Advantages of Copyright Registrations

  • Evidence of ownership of the registered work of authorship
  • Public notice of ownership of the work
  • Federal District Court jurisdiction for an infringement suit
  • Possibility of statutory damages and attorneys’ fees

If your enterprise needs legal assistance procuring, managing and enforcing your Copyrights, please contact Business Patent Law, PLLC.

Business Patent Law, PLLC provides intellectual property and business counsel for businesses and companies.

If you would like to stay up-to-date with news that impacts your business and intellectual property, sign up for Business Patent Law’s Monthly Mailer™ newsletter.

Opposition to a Trademark

Opposition Proceedings

What is a USPTO Opposition Proceeding?

Another Company filed a Trademark Application in the United States Patent & Trademark Office that is almost identical to our Trademark.  What can we do?  Can we institute an Opposition?

In view of such facts, your company has at least the following options:

  • Do nothing
  • Purchase the troublesome Trademark
  • Send a Cease and Desist Letter
  • If your company owns a federal Registration, institute a federal Trademark infringement legal action in the appropriate jurisdiction and venue
  • Possibly – institute a False Designation of Origin legal action in the appropriate federal jurisdiction and venue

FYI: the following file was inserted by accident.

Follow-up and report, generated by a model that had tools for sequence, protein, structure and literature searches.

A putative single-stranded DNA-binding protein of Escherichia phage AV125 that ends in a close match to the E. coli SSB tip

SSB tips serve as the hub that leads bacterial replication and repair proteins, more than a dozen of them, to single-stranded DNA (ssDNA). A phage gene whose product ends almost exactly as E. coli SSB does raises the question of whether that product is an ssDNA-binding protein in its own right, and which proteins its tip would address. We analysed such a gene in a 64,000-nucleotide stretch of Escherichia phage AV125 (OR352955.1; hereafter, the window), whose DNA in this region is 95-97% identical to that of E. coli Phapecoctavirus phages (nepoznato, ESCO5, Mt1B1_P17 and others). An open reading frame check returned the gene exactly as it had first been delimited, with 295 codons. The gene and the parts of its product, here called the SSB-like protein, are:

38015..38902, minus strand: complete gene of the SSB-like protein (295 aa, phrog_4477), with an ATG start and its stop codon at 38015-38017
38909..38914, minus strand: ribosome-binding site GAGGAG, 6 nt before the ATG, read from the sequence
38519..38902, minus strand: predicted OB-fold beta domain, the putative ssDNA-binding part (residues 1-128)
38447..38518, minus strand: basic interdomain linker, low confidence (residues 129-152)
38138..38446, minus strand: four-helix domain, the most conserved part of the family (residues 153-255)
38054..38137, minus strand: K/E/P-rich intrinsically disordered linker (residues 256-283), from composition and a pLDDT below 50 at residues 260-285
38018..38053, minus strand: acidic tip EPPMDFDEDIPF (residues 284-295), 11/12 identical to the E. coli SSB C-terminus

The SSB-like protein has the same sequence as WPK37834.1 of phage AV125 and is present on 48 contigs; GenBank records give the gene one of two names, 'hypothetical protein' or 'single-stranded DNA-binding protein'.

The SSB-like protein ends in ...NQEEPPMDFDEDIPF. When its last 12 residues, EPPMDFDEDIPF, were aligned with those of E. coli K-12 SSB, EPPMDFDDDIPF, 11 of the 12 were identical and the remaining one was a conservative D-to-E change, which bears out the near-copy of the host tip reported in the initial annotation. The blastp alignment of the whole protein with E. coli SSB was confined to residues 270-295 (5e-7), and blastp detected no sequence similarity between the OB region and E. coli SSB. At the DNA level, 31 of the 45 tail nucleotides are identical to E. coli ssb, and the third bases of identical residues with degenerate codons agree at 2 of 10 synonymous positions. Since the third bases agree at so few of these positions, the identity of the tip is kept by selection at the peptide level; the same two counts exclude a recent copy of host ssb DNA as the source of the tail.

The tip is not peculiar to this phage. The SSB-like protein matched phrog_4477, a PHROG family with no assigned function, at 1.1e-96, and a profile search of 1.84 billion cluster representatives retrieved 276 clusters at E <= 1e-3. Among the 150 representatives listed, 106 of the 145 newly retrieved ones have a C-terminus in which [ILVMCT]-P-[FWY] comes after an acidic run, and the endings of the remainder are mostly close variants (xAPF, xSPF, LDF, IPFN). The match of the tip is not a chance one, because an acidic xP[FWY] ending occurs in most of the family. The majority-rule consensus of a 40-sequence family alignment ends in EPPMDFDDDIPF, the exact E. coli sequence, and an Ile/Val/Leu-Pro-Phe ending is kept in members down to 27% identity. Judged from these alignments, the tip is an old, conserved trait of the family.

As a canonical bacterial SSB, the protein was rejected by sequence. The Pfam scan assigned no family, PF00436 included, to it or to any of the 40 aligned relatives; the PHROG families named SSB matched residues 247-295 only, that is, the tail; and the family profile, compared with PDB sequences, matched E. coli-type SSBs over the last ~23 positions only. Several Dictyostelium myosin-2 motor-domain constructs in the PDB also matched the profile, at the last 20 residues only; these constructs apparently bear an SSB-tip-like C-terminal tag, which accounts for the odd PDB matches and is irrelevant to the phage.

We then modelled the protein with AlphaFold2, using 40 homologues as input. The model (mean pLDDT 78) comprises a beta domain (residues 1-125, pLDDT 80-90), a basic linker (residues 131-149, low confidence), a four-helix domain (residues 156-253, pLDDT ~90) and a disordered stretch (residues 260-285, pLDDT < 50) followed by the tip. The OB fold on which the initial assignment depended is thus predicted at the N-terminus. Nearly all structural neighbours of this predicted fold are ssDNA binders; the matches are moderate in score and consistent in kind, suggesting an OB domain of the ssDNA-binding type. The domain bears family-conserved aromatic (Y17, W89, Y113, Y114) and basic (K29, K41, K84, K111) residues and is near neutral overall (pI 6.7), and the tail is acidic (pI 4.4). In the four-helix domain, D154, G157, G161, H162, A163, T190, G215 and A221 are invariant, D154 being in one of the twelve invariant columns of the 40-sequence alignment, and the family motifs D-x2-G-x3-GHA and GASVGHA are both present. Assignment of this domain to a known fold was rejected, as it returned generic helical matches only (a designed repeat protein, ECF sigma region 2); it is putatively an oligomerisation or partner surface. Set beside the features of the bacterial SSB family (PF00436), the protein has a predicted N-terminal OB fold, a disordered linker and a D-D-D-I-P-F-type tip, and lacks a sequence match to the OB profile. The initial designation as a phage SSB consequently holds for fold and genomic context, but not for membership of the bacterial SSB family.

• Initiate a trademark infringement proceeding in a state court under the appropriate state statute or at common law
  • Initiate a legal proceeding before the USPTO’s Trademark Trial and Appeal Board

Which option is more cost-beneficial for your company? That is management’s decision.  As a general rule, the legal costs of an Opposition Proceeding are much less than the legal costs of a federal or state law infringement case.

15 U.S.C. 1063, in part, reads:

Any person who believes that he would be damaged by the registration of a mark upon the principal register, including the registration of any mark which would be likely to cause dilution by blurring or dilution by tarnishment under section 1125(c) of this title, may, upon payment of the prescribed fee, file an opposition in the Patent and Trademark Office, stating the grounds therefor, within thirty days after the publication under subsection (a) of section 1062 of this title of the mark sought to be registered….”

Any person who believes he/she/it could be damaged by the registration of the Mark on the Principal Register of the United States can institute an Opposition Proceeding before the USPTO’s Trademark Trial and Appeal.  If the Opposer successfully proves the case, the Trademark Application will not mature into a federal Registration.

Oppositions are generally less costly to litigate than cases in the federal or state courts.  Like cases in the federal courts, the Federal Rules of Evidence and the Federal Rules of Civil Procedure apply to an Opposition Proceeding.